Two days before last November's elections, benefactors held a fashion show in the Rosemont convention center to raise money for St. Jude Children's Research Hospital in Memphis. The invitation to the affair offered a veritable guidebook to political influence in Illinois, much of it centered on one St. Jude benefactor, Antoin "Tony" Rezko.

The chair of the event was Rezko's wife, Rita, a member of the Cook County Employee Appeals Board, which hears cases brought by fired or disciplined workers. (She was appointed to the part-time post, which pays $37,000 a year, by John Stroger, the former president of the Cook County Board, whose 2002 campaign finance committee was headed by Tony Rezko.) The fashion show's honorary cochair was Governor Rod Blagojevich's wife, Patti, who owns a real-estate firm (and has been involved in real-estate deals with Tony Rezko dating back to 1997).

The event's sponsoring committee included Governor Blagojevich's former spokeswoman, Cheryle Jackson, who now heads the Chicago Urban League; Becky Ruff Chipparoni, whose husband, Guy Chipparoni, was the press secretary for then secretary of state Jim Edgar before setting up a public-relations firm in Chicago (Chipparoni has represented some of Rezko's businesses); and Hollie Rumman, whose husband, Michael Rumman, served as one of Blagojevich's cabinet members (and is an investor with Rezko in various deals, such as a proposed power plant in Iraq).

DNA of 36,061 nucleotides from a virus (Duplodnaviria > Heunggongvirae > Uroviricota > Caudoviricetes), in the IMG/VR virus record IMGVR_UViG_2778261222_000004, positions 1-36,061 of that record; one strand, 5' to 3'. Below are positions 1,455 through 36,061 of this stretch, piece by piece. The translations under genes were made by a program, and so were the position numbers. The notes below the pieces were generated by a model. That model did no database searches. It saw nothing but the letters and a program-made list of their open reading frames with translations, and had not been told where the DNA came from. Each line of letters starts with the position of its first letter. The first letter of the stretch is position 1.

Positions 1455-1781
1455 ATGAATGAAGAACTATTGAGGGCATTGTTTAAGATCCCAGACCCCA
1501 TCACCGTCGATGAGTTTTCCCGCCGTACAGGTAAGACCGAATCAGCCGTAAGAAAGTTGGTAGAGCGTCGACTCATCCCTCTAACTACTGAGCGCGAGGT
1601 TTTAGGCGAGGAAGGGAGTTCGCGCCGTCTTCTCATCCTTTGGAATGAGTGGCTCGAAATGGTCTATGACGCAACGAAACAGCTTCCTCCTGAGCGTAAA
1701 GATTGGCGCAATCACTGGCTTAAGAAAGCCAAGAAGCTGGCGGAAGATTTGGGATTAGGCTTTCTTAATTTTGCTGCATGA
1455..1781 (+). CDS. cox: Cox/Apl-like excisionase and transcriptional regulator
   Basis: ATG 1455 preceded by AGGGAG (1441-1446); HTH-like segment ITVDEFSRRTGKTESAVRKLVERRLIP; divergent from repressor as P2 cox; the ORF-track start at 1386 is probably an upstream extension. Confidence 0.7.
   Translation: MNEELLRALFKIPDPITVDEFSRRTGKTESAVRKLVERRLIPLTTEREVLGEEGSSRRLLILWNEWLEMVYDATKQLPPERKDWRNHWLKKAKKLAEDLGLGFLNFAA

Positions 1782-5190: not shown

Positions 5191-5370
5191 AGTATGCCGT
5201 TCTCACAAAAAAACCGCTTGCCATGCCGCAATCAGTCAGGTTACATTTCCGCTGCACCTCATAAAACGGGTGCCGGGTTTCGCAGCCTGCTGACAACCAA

Michelle Obama, wife of the Democratic U.S. senator and presidential candidate Barack Obama, was a special guest that day (even though the news had just broken about Rezko's participation in a funky real-estate transaction involving the Obamas' Hyde Park home).

The fashion show attracted little if any media coverage, which may have been exactly as its organizers and sponsors had hoped. Just three weeks earlier, Tony Rezko had been indicted on charges of extorting kickbacks from businesses seeking contracts from the Blagojevich administration. Rezko has pleaded not guilty. The trial is scheduled for February 25th in the U.S. District Court for Northern Illinois.

Were it not for that hovering indictment, Tony Rezko, 52, could boast a résumé straight out of the American rags-to-riches canon. In 1974, he stepped off an airplane at O'Hare Airport as a 19-year-old engineering student who barely spoke English. Within a decade, he had become a U.S. citizen and was moving in the highest financial and political circles in the state. Though one former colleague recalls that Rezko had little interest in politics when he first made his way in business, that changed in time, and he developed a remarkable knack for spotting political talent early, including a young African American president of the Harvard Law Review. Was Rezko simply interested in advancing smart public servants (and perhaps basking in the excitement of being close to power)? Or did he have a more mercenary motive, as the charges against him suggest?